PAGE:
Jesse stood along a barbed wire fence, searching the distant mountains with his binoculars. Next to him was a locked gate with an ominous sign: DANGER USAF GUNNERY RANGE DO NOT ENTER. It repeated the warning in Spanish as well. The land beyond the fence was the Barry M. Goldwater Air Force Range, where pilots of F-15s, F-16s, A/OA-10s, F/A-18s, and AV-8Bs were trained in aerial gunnery, tactical maneuvering, LASER use, and more.
Some areas of the range were open to public use once a permit was secured. Getting a permit required a would-be hiker to watch a video about safety and to sign a release form. The release form was very thorough, asking users to initial that they understood that the range posed many dangers, including “permanent, painful, disabling and disfiguring injury or death due to high explosive detonations from falling objects such as aircraft, aerial targets, live ammunition, missiles, bombs, etc.” Other lines warned of venomous reptiles, extreme temperatures, old mine shafts, unexploded munitions, undocumented aliens, electromagnetic emissions, “as well as other natural and/or man-made conditions which are too numerous to recite herein.”
Yes, the Barry M. Goldwater Air Force Range sounded like a dangerous place to visit. Still, we considered it. We’d planned for me to get the permit from the Gila Bend Air Force Auxiliary, and for Jesse to wait in the town of Gila Bend with Laurel; while I didn’t particularly mind venomous reptiles and the chance for permanent disfiguring injury, the range didn’t seem like a great place to take a toddler. But I wanted to find “Jennie” the turkey vulture, and GPS coordinates sent to me by Hawk Mountain’s David Barber revealed that she’d been roosting in the range’s Sand Tank Mountains for several weeks, not too far from the range’s border with the Sonoran Desert Natural Monument. Unfortunately, my hike in the desert wasn’t meant to be. Jennie’s roost was in the middle of the “East Tactical Range,” which was closed to public use due to active training in the area. Could I have hopped the barbed wire fence and made a run for it? Perhaps, but Jennie’s roost was several miles from the road, and considering that I was four-months pregnant, I wouldn’t be able to run as fast as I used to. And I could imagine the headlines: “Military Police Arrest Pregnant Mother for Trespassing on Active Gunnery Range.” I would have to be satisfied searching for Jennie after she left the roost for the day. Data from her satellite transmitter said that she foraged in many areas around the town of Gila Bend; we’d eat some breakfast and look for her there.
After cinnamon rolls and coffee (and after seeing two fighter jets screaming overhead), we headed for Gila Bend High School to look for the location where Keith Bildstein spotted Jennie back in January. It didn’t take us long to locate a single turkey vulture roosting in a large tree (we think eucalyptus, again) in the city park that bordered the school’s athletic fields. This had to be the same tree where Keith had seen the forty roosting vultures, including Jennie.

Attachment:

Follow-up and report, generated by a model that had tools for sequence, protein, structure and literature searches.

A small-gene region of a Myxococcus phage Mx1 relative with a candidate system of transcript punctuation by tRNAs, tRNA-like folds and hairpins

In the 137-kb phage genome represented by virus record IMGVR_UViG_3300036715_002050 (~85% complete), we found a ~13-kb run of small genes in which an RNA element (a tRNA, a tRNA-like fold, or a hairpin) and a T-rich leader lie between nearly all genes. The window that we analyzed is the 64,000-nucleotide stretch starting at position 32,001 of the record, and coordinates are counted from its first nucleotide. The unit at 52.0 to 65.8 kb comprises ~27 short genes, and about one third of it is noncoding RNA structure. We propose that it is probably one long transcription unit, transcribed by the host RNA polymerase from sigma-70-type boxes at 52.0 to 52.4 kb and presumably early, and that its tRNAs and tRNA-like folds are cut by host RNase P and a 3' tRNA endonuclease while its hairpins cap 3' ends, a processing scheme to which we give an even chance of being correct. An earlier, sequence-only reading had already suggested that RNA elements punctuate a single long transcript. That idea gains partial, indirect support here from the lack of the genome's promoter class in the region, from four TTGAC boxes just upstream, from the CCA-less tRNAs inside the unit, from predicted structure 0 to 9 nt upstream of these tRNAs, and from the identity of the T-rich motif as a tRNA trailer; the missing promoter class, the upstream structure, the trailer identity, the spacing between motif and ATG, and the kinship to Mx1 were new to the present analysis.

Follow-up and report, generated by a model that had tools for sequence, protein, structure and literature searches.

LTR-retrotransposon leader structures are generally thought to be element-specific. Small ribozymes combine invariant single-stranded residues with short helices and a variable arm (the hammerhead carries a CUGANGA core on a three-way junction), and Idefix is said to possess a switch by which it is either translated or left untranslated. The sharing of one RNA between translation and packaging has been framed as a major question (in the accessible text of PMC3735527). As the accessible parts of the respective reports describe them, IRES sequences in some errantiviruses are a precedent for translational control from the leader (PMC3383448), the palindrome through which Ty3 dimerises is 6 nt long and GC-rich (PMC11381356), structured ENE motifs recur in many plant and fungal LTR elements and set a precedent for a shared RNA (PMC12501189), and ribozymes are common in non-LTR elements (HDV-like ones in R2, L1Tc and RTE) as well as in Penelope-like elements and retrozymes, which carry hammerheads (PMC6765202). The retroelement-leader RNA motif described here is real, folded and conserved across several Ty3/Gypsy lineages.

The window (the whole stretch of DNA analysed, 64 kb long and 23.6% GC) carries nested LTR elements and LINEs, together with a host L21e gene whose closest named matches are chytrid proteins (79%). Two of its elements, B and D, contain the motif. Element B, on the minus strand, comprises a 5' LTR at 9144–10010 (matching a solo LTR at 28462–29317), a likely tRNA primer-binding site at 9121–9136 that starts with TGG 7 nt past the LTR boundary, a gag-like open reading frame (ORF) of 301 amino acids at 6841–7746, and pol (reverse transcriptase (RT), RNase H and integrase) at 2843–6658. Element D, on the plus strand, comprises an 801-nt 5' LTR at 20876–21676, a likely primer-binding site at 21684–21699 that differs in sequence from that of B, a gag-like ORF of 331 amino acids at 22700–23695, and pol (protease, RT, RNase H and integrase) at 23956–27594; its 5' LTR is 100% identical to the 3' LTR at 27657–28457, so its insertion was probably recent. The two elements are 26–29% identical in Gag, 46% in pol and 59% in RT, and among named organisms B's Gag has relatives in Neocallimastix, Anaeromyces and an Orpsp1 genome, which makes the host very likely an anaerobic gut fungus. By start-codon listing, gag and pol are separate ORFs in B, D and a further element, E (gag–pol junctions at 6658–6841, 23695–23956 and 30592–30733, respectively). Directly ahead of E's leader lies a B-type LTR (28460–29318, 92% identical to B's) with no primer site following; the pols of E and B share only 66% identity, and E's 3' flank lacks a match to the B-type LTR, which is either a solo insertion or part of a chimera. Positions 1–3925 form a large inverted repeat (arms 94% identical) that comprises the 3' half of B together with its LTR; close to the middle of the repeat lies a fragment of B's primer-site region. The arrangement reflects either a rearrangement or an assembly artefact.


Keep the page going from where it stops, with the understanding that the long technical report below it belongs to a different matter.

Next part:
We scrutinized the bird through our binoculars, and the bird seemed to be scrutinizing us, too. To our disappointment, it wasn’t wearing a satellite backpack. But it afforded me good views of a member of the aura subspecies, something I’d lacked to this point. The vulture’s face seemed to have fewer warty protuberances than my local septentrionalis birds; the red of its head looked brighter, and the bird’s overall appearance was sleeker, cleaner, less ruffled and “hunchy” than the birds at home.
Satisfied with our long looks at the roosting vulture, Jesse and I turned Laurel loose to play in the park. She investigated the sprinklers that kept the grass green before finally climbing onto a swing—a real, big-kid swing, not the kind with baby seats. Jesse and I took turns pushing her while she giggled. Our friend the vulture seemed to be keeping an eye on us. Beyond the fence, the school’s grounds crew mowed the grass and raked the baseball diamond’s infield. A Say’s phoebe hawked insects along the fence line, and white-winged doves cooed Too soon to tell! Too soon to tell!
Finally, the roosting turkey vulture departed the tree and was immediately joined by a second vulture. We didn’t see where this second vulture had come from; could it be Jennie? We watched through our binoculars, but didn’t see anything resembling a satellite backpack. The vultures floated further away—and suddenly there were three more. The five birds kettled together for a minute or two, and then all moved off, out of sight. If one of these birds wasn’t Jennie, certainly they could’ve been birds from the same roost.
Jesse and I loaded Laurel in our rental car and took off after the vultures. We passed agricultural fields and stucco homes; during our drive we spotted a few more single soaring vultures, although it was difficult to tell if any were wearing transmitters. Finally, Laurel fell asleep, and we headed north on route 85 towards Phoenix, saying good-bye to Gila Bend and to all the potential Jennies. Keith and the team from Hawk Mountain plan to place transmitters on additional aura turkey vultures later this spring—perhaps they will have better luck locating this elusive bird!